The The Sound of Things Falling: A Novel
“Mr. Vásquez weaves together memory and imagery into a seamless whole.”
Antonio Yammara, a young law professor from Bogotá, watches a news report about an escaped hippo from the derelict zoo of drug kingpin Pablo Escobar. The giant animal is killed, and this triggers Yammara's memories about the times he spent with Ricardo Laverde, who died in 1996.
Thus begins The Sound of Things Falling by Juan Gabriel Vásquez (translated by Anne McLean). Laverde and Yammara used to play games of pool together until his murder by an anonymous assassin perched on a motorbike (the modus operandi for the Colombian drug cartels).
Prior to his murder, Laverde had listened to a tape recording of a commercial aircraft's “black box.” The aircraft had carried his estranged wife Elena Fitts until it crashed among the fog shrouded peaks surrounding Bogotá. Yammara, in a perverse violation of Laverde's privacy, also listened to the “black box” recording.
These events, which later expand and then curl in on each other, chronicle the ups and downs of modern Colombia. Over the decades, Colombia has been fractured and bled white from drug wars, guerrilla warfare, and political corruption. During one of their pool games, Yammara asks what Laverde did for a living and why he was in jail. Laverde doesn't answer why he was in jail, but he said he was a pilot.
Aircraft and air disasters weave throughout the novel. While one could place this under the subgenre of fiction about the War on Drugs, The Sound of Things Falling would be a peculiar entry. Unlike Cormac McCarthy's No Country for Old Men or Roberto Bolaño's 2666, this is a novel with a relative lack of violence.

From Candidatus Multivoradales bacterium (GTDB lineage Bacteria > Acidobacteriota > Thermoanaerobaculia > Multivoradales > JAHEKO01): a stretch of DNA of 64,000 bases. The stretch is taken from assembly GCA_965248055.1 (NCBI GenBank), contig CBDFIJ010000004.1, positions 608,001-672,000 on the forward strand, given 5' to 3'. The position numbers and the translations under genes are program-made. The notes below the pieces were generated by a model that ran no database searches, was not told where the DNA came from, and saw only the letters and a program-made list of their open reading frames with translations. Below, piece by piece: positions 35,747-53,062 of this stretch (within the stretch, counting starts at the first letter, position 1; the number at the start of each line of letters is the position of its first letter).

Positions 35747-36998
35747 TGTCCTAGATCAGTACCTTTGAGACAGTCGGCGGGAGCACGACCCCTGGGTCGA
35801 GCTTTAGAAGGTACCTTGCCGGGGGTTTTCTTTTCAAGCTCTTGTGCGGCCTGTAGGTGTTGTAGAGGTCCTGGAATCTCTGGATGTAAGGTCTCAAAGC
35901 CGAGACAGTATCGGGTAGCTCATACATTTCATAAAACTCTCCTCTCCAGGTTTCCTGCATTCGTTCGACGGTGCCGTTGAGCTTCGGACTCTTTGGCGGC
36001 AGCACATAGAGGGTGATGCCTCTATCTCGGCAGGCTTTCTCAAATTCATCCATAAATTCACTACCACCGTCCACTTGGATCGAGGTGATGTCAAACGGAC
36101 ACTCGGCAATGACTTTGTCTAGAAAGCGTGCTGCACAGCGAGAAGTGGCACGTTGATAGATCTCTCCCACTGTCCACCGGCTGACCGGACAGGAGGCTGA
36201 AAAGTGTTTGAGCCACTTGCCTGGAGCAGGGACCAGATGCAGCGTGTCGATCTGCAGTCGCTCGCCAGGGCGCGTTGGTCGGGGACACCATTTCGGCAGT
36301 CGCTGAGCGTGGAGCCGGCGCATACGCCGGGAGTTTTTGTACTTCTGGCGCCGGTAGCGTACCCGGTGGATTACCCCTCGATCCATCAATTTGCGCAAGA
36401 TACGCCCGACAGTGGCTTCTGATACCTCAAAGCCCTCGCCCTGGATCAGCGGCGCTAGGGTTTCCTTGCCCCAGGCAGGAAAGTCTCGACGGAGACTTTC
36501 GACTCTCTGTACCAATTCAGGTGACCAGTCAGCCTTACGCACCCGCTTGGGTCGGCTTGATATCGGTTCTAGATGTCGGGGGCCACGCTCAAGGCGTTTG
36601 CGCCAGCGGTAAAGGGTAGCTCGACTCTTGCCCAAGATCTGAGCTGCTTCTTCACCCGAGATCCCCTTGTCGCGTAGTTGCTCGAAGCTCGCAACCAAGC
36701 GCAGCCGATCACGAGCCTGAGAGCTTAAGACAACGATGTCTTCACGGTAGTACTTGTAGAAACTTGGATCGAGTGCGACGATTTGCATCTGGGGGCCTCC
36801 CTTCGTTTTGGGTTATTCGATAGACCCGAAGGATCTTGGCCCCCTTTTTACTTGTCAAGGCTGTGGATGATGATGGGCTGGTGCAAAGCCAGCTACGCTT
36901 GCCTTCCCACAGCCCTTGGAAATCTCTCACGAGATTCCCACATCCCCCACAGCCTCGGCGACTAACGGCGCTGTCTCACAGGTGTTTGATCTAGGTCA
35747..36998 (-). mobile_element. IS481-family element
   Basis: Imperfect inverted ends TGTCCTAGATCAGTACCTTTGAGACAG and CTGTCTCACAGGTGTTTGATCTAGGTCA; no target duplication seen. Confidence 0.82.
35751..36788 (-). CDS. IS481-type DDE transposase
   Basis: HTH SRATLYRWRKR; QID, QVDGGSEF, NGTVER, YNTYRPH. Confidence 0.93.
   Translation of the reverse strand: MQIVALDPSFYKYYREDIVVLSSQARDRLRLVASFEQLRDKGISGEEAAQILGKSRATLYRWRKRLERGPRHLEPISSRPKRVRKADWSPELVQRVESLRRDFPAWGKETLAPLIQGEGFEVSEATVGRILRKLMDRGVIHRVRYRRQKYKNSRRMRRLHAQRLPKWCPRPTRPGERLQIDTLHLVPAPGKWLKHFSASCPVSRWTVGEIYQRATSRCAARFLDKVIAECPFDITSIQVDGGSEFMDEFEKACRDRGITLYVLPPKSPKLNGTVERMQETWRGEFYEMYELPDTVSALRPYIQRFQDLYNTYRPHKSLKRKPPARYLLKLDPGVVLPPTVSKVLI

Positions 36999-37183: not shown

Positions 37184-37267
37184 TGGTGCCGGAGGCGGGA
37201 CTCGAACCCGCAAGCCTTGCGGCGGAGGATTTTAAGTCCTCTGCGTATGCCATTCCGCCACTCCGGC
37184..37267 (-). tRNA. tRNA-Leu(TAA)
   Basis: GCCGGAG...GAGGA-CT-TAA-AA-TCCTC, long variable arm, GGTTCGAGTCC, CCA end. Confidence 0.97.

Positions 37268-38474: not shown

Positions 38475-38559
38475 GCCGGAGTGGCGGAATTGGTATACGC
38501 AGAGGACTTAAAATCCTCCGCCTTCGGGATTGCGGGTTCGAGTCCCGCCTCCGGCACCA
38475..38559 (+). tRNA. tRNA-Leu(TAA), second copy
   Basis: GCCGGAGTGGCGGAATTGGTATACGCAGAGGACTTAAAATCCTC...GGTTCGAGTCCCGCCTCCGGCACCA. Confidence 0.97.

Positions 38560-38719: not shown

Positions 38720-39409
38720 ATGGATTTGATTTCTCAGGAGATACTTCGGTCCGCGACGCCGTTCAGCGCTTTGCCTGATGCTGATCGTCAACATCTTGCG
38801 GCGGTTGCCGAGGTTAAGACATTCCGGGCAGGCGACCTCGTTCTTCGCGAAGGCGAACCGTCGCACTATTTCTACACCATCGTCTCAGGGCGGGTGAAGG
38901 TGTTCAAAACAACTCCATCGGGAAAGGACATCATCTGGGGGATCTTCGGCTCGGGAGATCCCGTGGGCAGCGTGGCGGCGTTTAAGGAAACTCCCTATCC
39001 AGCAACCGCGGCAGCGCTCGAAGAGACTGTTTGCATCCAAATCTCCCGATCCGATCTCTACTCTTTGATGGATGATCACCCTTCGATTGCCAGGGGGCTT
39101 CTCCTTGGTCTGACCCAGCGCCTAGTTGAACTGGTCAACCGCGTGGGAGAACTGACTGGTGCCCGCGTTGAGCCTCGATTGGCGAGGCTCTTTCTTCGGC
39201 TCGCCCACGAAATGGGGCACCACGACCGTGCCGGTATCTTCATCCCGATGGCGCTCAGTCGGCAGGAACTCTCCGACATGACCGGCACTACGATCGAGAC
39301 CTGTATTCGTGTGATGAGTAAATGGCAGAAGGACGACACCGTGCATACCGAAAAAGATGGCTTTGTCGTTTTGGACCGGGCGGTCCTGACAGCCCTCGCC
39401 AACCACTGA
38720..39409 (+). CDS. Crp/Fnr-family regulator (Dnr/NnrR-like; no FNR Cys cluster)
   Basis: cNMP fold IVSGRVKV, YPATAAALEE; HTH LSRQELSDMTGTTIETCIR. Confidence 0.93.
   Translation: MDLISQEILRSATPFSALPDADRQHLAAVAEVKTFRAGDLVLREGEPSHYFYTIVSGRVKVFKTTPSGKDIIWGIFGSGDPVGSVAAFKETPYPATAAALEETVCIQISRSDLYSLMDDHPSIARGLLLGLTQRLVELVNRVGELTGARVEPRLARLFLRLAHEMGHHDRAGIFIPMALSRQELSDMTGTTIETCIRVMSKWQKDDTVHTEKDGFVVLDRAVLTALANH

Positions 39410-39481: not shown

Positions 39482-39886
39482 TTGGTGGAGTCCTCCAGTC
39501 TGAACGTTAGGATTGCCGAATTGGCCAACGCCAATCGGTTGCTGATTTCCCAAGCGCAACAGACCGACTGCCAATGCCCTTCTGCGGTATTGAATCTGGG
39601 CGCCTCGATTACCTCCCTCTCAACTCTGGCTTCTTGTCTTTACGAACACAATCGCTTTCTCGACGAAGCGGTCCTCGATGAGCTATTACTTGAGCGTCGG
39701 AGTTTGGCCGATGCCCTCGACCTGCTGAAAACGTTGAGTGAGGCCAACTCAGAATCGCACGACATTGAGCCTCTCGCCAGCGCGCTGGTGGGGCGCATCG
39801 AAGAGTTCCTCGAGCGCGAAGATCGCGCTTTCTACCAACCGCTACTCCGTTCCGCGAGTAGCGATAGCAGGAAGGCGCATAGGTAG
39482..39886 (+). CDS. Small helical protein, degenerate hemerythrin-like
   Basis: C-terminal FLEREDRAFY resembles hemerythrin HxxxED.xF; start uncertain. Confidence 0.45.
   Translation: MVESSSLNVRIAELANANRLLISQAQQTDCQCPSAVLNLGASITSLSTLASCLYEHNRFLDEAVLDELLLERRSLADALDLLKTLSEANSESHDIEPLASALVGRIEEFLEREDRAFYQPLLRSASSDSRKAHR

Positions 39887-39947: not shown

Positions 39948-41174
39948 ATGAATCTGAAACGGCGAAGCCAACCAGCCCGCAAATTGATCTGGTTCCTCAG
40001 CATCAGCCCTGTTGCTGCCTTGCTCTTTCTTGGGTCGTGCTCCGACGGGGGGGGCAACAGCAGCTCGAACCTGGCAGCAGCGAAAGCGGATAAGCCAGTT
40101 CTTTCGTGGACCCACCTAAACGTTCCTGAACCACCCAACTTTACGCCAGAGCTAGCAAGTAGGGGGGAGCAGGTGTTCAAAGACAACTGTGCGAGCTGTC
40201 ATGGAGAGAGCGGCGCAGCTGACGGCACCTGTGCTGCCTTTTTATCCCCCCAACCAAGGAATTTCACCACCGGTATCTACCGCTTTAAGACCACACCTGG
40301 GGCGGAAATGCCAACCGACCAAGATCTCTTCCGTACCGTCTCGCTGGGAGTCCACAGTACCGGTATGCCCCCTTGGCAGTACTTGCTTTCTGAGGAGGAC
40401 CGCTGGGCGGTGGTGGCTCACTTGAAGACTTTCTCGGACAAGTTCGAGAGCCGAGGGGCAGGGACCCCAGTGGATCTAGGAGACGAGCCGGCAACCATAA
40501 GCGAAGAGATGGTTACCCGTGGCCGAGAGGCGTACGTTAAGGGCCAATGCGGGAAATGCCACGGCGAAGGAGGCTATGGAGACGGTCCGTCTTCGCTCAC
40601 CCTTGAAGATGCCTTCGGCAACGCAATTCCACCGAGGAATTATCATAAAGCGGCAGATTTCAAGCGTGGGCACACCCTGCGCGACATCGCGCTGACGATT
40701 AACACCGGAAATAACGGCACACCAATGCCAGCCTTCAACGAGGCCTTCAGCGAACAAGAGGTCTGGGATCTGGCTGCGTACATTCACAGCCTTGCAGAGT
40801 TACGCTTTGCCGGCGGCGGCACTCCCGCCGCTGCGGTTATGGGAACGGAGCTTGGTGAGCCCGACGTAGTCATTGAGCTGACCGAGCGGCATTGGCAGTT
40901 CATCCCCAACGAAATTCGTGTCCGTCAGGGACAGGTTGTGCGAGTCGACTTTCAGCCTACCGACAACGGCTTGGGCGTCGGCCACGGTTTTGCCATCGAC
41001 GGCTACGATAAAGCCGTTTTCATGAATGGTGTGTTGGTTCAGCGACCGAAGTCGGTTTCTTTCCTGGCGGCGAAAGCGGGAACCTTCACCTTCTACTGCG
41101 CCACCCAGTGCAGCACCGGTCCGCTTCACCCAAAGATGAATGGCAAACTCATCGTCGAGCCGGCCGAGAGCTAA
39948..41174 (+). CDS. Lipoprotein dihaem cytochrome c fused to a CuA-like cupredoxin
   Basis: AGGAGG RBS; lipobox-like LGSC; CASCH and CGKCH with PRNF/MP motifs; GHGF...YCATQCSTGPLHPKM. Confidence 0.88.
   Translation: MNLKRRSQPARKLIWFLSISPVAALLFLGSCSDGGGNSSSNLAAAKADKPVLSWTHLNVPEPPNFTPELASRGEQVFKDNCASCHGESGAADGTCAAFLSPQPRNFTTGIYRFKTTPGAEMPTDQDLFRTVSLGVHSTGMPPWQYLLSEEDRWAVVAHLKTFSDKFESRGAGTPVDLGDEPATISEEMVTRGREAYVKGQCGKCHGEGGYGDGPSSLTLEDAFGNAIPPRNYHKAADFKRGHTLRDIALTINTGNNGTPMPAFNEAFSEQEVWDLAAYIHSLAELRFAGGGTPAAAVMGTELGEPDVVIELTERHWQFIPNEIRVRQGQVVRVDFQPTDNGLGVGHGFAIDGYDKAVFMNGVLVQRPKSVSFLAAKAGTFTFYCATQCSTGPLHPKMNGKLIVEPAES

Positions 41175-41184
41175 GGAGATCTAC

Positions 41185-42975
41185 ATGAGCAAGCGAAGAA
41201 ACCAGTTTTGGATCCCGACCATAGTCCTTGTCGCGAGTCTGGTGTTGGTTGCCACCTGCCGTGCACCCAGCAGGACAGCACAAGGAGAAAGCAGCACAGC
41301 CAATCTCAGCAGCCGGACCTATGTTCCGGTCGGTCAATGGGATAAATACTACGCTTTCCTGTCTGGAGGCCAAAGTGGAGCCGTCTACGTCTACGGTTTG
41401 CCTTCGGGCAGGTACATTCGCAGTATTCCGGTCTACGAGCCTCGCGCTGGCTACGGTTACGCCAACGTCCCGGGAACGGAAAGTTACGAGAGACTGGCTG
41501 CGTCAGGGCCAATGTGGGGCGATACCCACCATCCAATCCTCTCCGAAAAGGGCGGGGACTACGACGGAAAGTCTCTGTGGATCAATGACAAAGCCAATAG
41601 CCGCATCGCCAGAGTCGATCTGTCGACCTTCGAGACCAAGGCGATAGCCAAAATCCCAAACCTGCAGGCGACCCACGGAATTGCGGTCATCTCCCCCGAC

Instead, the violence bubbles up in what people say or don't say to each other. Characters reminisce about where he or she when so-and-so was assassinated or when this or that bombing occurred. Violence is the scar tissue of everyone's memories. It is inescapable.
Antonio Yammara becomes the third victim, grievously wounded during Laverde's assassination—this on top of Helen Fitts's plane crash death. Yammara, injured while his wife, a former law student, is preparing to give birth to their child. His injuries cause him to suffer from post-traumatic stress disorder and the couple has intimacy issues.
It takes years for Yammara to fully recover and reconnect with society. In the meantime, he tracks down Maya, the daughter of Laverde and Helen. She lives in the Colombian countryside and is a professional beekeeper. After an awkward introduction, he explains to her why he is there, meanwhile negotiating over a finicky phone line with Aura, his wife, that he hasn't left her for another woman.
During their conversations, Maya shows him a box she has kept. It contains letters and other things from her parents. Yammara looks through the contents of the box and pieces together the early lives of Ricardo Laverde and Helen Fitts.
She came from a working class Catholic family and enrolled in the Peace Corps. That brings her to Colombia. She transfers from an isolated peasant family and takes up residence in the Laverde household in Bogotá. Through an extended flashback, the reader witnesses Colombia in the Sixties and Seventies, with protests at US embassies and the drug trade in embryo.
The Sound of Things Falling is reminiscent of The Godfather, Part II, with its long flashback scenes showing the early domestic scenes of Vito Corleone, his wife, and his young children. In these flashbacks, Maya appears as a child and Helen Fitts becomes Elena Laverde. The one-time Peace Corps volunteer becomes a wealthy matron of a pilot involved in the burgeoning drug trade.
Mr. Vásquez weaves together memory and imagery into a seamless whole. Anne McLean's translation gives the novel a looseness, imbuing Antonio Yammara with a detached and damaged persona. Attempting to recover from his injuries, mental and physical, and search for the truth about Ricardo Laverde's murder, the reader learns about Colombia before the plague of drugs and violence shattered the nation.